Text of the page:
The UN has six principal organs: the General Assembly. The UN System agencies include the World Bank Group, the World Health Organization, the World Food Programme, UNESCO, UNICEF; the UN's most prominent officer is the Secretary-General, an office held by Portuguese politician and diplomat António Guterres since 1 January 2017. Non-governmental organizations may be granted consultative status with ECOSOC and other agencies to participate in the UN's work; the organization, its officers and its agencies have won many Nobel Peace Prizes. Other evaluations of the UN's effectiveness have been mixed; some commentators believe the organization to be an important force for peace and human development, while others have called the organization ineffective, biased, or corrupt. In the century prior to the UN's creation, several international treaty organizations such as the International Committee of the Red Cross was formed to ensure protection and assistance for victims of armed conflict and strife.
In 1914, a political assassination in Sarajevo set off a chain of events that led to the outbreak of World War I. As more and more young men were sent down into the trenches, influential voices in the United States and Britain began calling for the establishment of a permanent international body to maintain peace in the postwar world. President Woodrow Wilson became a vocal advocate of this concept, in 1918 he included a sketch of the international body in his 14-point proposal to end the war. In November 1918, the Central Powers agreed to an armistice to halt the killing in World War I. Two months the Allies met with Germany and Austria-Hungary at Versailles to hammer out formal peace terms. President Wilson wanted peace, but the United Kingdom and France disagreed, forcing harsh war reparations on their former enemies; the League of Nations was approved, in the summer of 1919 Wilson presented the Treaty of Versailles and the Covenant of the League of Nations to the US Senate for ratification.
On January 10, 1920, the League of Nations formally comes into being when the Covenant of the League of Nations, ratified by 42 nations in 1919, takes effect. However, at some point the League became ineffective when it failed to act against the Japanese invasion of Manchuria as in February 1933, 40 nations voted for Japan to withdraw from Manchuria but Japan voted against it and walked out of the League instead of withdrawing from Manchuria, it failed against the Second Italo-Ethiopian War despite trying to talk to Benito Mussolini as he used the time to send an army to Africa, so the League had a plan for Mussolini to just take a part of Ethiopia, but he ignored the League and invaded Ethiopia, the League tried putting sanctions on Italy, but Italy had conquered Ethiopia and the League had failed. After Italy conquered Ethiopia and other nations left the league, but all of them realised that they began to re-arm as fast as possible. During 1938, Britain and France tried negotiating directly with Hitler but this failed in 1939 when Hitler invaded Czechoslovakia.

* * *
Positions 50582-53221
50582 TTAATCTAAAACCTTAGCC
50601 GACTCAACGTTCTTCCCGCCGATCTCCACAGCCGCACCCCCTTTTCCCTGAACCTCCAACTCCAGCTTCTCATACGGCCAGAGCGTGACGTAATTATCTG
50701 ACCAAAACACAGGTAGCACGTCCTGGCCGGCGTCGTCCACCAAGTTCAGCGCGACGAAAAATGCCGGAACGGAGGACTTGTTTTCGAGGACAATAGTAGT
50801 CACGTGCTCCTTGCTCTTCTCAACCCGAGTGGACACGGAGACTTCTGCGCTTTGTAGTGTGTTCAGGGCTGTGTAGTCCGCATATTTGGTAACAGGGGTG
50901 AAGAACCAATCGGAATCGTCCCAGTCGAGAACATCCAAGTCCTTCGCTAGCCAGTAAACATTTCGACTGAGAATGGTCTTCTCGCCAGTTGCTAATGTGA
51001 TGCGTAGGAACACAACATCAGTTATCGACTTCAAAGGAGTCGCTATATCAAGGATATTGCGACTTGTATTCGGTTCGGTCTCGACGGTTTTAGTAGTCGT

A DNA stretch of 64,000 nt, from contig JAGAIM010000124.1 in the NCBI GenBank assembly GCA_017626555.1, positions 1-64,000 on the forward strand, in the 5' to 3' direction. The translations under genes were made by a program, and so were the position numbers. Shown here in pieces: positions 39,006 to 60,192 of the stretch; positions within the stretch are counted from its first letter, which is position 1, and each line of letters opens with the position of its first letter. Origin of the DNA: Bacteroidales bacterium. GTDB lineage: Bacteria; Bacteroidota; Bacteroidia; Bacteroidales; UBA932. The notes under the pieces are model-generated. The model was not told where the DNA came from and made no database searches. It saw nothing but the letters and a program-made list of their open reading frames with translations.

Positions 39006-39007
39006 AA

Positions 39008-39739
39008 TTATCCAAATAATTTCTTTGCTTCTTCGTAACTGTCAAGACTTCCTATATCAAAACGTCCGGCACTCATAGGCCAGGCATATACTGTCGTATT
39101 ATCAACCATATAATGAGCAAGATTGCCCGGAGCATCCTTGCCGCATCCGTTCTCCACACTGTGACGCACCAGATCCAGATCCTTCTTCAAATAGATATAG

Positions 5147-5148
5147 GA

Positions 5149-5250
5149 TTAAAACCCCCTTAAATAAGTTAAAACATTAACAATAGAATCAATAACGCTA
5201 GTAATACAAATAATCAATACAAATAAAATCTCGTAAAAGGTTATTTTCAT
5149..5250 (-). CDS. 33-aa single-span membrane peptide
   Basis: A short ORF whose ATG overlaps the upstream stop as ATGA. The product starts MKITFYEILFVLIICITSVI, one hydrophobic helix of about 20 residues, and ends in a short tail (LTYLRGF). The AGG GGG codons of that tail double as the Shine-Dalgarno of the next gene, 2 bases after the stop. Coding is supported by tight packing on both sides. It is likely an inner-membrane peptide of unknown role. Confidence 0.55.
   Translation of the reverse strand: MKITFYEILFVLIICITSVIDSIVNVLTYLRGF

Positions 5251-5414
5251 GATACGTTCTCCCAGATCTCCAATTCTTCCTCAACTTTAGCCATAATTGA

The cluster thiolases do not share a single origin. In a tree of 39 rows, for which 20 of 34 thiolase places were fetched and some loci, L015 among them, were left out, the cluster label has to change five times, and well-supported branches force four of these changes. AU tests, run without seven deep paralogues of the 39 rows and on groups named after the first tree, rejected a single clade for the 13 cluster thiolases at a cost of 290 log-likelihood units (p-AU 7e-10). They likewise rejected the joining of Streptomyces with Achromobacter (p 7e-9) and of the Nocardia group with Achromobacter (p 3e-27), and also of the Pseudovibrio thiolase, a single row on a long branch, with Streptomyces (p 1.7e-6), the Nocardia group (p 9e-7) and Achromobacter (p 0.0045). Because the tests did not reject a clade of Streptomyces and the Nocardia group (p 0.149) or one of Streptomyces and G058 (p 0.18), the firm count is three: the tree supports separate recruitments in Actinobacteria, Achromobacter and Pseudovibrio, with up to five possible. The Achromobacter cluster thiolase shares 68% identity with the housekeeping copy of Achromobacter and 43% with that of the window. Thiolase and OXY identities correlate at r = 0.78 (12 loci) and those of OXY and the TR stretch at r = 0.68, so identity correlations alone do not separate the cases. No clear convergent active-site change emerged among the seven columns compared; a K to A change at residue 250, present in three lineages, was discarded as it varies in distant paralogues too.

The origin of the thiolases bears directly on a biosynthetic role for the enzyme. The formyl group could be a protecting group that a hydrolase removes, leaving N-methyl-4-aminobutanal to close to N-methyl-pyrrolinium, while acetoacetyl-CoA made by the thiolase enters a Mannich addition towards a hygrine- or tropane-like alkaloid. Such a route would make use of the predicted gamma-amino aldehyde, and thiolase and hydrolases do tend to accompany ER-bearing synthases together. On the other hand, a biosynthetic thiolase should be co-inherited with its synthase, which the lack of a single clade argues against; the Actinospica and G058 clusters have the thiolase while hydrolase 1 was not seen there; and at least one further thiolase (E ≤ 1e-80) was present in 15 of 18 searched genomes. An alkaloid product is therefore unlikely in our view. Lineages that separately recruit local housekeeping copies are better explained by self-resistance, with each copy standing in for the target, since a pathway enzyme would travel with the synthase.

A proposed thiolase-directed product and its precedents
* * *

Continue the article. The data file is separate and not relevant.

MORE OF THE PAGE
When war broke out in 1939, the League closed down and its headquarters in Geneva remained empty throughout the war. The earliest concrete plan for a new world organization began under the aegis of the U. S. State Department in 1939; the text of the "Declaration by United Nations" was drafted at the White House on December 29, 1941, by President Franklin D. Roosevelt, Prime Minister Winston Churchill, Roosevelt aide Harry Hopkins
Italian Minister of Justice
This is a list of the Italian Ministers of Justice since 1946. The Minister of Justice leads the Ministry of Justice; the current Minister of Justice is Alfonso Bonafede, a member of the Five Star Movement, appointed on 1 June 2018, who serves in the cabinet of Giuseppe Conte. Parties 1946-1994: Communist Party Liberal Party Christian Democracy Republican Party Socialist Party Since 1994: Forza Italia/The People of Freedom Party of Italian Communists Democrats of the Left Lega Nord Union of Democrats for Europe Democratic Party Five Star Movement Independent Governments Centrist coalition Centre-right coalition Centre-left coalition Populist coalition Mixed coalition Keeper of the seals Ministry of Justice Ministry of Justice
World War I
World War I known as the First World War or the Great War, was a global war originating in Europe that lasted from 28 July 1914 to 11 November 1918. Contemporaneously described as "the war to end all wars", it led to the mobilisation of more than 70 million military personnel, including 60 million Europeans, making it one of the largest wars in history, it is one of the deadliest conflicts in history, with an estimated nine million combatants and seven million civilian deaths as a direct result of the war, while resulting genocides and the 1918 influenza pandemic caused another 50 to 100 million deaths worldwide. On 28 June 1914, Gavrilo Princip, a Bosnian Serb Yugoslav nationalist, assassinated the Austro-Hungarian heir Archduke Franz Ferdinand in Sarajevo, leading to the July Crisis. In response, on 23 July Austria-Hungary issued an ultimatum to Serbia. Serbia's reply failed to satisfy the Austrians, the two moved to a war footing. A network of interlocking alliances enlarged the crisis from a bilateral issue in the Balkans to one involving most of Europe.